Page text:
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Photo Credit: NNPA
By Stacy M. Brown NNPA Newswire Senior National Correspondent
Published: 21 February 2024

Cincinnati officials have settled a federal lawsuit spanning four years, addressing allegations of racial bias in the city’s residential tax abatement program. The lawsuit, which accused Cincinnati of favoring white homeowners, shed light on enduring disparities in homeownership between Black and white residents. Advocates said the resolution, signed on Feb. 8, signifies a crucial step towards rectifying historical injustices and fostering a more equitable housing landscape.

National data from the National Association of Realtors and Zillow revealed a stark homeownership gap between whites and Blacks. Nationally, 73 percent of whites own homes compared to 44 percent of Blacks, representing a 29-percentage-point disparity. However, Greater Cincinnati reportedly experiences an even wider gap, with only 33 percent of Black residents owning homes, creating a 40-percentage-point difference.

Elisabeth Risch, executive director of Housing Opportunities Made Equal, emphasizes that historical discriminatory practices, including redlining, persistently impact contemporary housing trends. Redlining, a policy preventing minorities from buying homes in wealthier, predominantly white areas, contributes to the deeply rooted segregation legacy in Cincinnati, Risch said.

Darrick Dansby, president of the Cincinnati chapter of the Realtists, also highlighted the potential gap worsening due to rising interest rates and low inventory, particularly affecting first-time and traditionally marginalized homebuyers.

The nonprofit, Housing Opportunities Made Equal, proposed comprehensive recommendations to narrow the homeownership gap, including tax abatement policy reforms, creating a grant fund for low- and moderate-income homeowners, zoning modifications for inclusivity, property tax relief, and establishing a transparent monitoring process to prevent discriminatory practices.

Now, the recent settlement in the federal lawsuit mandates that the city expand outreach about the tax abatement program in areas with larger populations of poorer and Black residents. Cincinnati City Council has earlier considered reforms, including fair and non-predatory lending expansions to Black and low-income homeowners.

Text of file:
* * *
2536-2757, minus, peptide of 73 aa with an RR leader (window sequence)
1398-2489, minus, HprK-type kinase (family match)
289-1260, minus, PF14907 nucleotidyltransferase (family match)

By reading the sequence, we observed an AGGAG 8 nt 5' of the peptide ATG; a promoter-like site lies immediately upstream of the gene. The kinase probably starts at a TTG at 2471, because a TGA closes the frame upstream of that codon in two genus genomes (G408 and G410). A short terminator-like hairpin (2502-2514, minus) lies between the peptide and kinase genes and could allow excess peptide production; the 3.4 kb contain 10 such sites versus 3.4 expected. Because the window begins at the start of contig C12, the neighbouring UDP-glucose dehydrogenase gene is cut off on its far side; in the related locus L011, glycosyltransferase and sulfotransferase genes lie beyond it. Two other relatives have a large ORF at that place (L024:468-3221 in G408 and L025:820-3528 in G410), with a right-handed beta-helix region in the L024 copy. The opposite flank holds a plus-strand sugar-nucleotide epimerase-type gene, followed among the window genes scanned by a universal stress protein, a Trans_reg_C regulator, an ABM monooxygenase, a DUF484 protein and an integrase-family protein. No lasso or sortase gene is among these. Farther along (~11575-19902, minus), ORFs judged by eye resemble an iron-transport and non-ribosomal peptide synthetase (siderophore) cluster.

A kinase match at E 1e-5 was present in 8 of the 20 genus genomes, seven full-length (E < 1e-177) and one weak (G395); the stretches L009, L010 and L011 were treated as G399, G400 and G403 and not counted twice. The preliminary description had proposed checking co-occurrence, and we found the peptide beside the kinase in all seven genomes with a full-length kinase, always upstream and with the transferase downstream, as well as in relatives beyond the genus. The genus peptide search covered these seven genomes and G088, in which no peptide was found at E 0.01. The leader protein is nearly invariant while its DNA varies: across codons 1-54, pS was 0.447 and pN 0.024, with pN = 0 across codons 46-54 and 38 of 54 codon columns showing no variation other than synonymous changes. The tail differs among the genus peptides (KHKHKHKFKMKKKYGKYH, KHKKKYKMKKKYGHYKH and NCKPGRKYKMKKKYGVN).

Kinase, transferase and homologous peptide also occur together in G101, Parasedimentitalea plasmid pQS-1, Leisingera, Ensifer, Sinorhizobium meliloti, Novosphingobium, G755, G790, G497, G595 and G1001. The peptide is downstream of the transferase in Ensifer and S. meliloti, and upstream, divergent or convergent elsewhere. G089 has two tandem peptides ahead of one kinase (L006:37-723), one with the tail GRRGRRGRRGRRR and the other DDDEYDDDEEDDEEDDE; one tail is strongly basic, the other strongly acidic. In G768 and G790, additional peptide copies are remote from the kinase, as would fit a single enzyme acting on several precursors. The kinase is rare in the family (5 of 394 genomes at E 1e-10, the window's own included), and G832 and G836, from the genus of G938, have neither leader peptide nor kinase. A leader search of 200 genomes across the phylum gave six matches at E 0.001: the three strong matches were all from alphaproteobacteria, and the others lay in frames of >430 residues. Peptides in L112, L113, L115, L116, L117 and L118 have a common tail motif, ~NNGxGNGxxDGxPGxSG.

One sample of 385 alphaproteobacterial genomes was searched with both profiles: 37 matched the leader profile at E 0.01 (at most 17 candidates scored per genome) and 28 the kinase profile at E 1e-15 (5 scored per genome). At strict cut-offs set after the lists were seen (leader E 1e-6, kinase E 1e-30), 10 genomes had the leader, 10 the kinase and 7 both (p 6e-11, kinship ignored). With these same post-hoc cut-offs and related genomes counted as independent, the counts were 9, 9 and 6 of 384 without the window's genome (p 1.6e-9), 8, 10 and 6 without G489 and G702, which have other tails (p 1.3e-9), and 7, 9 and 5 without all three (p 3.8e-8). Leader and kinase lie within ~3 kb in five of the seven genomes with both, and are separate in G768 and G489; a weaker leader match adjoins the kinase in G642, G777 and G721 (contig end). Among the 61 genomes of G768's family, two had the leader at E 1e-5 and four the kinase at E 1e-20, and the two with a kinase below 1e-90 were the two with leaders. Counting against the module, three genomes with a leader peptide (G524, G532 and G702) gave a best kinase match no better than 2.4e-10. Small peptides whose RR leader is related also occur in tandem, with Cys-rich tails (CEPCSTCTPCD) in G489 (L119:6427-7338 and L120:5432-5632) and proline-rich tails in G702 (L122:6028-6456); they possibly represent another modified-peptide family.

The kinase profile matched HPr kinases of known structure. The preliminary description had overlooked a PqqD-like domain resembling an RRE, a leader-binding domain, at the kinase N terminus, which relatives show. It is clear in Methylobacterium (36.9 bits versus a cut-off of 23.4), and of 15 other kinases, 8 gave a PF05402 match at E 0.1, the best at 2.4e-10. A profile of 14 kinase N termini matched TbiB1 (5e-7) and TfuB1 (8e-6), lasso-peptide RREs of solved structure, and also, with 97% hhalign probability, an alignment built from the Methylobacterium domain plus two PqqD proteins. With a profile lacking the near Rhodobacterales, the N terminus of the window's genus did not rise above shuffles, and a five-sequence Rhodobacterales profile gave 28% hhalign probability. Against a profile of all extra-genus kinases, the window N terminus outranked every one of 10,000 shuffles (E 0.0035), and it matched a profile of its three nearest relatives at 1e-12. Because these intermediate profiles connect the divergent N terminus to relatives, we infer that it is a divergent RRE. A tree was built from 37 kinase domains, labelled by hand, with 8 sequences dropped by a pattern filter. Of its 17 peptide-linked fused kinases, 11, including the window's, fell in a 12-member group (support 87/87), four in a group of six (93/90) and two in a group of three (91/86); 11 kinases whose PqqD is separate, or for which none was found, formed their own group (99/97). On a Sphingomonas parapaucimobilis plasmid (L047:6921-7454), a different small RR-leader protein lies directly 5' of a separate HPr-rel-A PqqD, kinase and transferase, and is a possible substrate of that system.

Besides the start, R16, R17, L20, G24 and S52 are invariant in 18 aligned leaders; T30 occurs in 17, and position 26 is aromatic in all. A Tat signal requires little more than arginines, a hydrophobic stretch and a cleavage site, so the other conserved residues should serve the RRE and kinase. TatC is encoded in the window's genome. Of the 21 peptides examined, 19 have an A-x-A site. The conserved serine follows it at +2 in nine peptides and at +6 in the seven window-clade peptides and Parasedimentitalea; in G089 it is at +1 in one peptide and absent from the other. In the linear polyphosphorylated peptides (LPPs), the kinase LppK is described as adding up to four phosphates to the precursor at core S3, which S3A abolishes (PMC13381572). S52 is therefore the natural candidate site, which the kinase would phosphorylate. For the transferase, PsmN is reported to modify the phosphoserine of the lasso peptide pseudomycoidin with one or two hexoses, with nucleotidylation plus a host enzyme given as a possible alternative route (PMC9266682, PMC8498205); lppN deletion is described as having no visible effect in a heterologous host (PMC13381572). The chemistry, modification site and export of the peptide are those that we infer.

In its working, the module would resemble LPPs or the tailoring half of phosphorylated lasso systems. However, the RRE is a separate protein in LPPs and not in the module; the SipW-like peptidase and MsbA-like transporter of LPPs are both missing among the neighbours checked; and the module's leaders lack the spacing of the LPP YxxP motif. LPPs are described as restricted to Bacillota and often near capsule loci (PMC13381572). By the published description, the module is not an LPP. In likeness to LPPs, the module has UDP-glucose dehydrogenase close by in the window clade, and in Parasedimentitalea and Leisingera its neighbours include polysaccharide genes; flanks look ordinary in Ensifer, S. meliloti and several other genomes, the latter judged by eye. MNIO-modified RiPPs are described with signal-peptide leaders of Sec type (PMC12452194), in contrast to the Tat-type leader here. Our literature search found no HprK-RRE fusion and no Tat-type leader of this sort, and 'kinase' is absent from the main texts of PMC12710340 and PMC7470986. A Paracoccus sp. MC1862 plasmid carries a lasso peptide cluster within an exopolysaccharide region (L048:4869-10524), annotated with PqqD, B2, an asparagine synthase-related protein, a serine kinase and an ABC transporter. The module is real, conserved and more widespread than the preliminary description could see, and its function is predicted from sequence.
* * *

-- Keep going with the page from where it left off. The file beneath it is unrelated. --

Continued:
The Council’s action was in response to city records that revealed that, by 2020, Cincinnati had granted 2,640 residential tax abatements totaling $183 million, with over $53 million directed to a predominantly white, affluent neighborhood. In contrast, two majority-Black neighborhoods received less than $1 million in tax abatements between 2014 and 2018.

As part of the settlement, the city will pay $110,000 to the homeowners who initiated the lawsuit. Cincinnati Mayor Aftab Pureval underscored the city’s commitment to making the residential abatement program more impactful and accessible to underinvested communities. Pureval pledged to continue efforts to bring incentives and information about home improvement resources to those who need them the most, ensuring a more just and inclusive housing landscape for all residents.

“Since taking office, we’ve worked to make our residential abatement program more impactful and accessible to the folks who need it the most. I’m proud of our administration’s steps to bring more incentives, an easier process, and information about other home improvement resources to our underinvested communities,” Pureval told Atlanta Black Star in a statement.

“As we move forward, those goals will continue to be our guiding light,” Pureval said.

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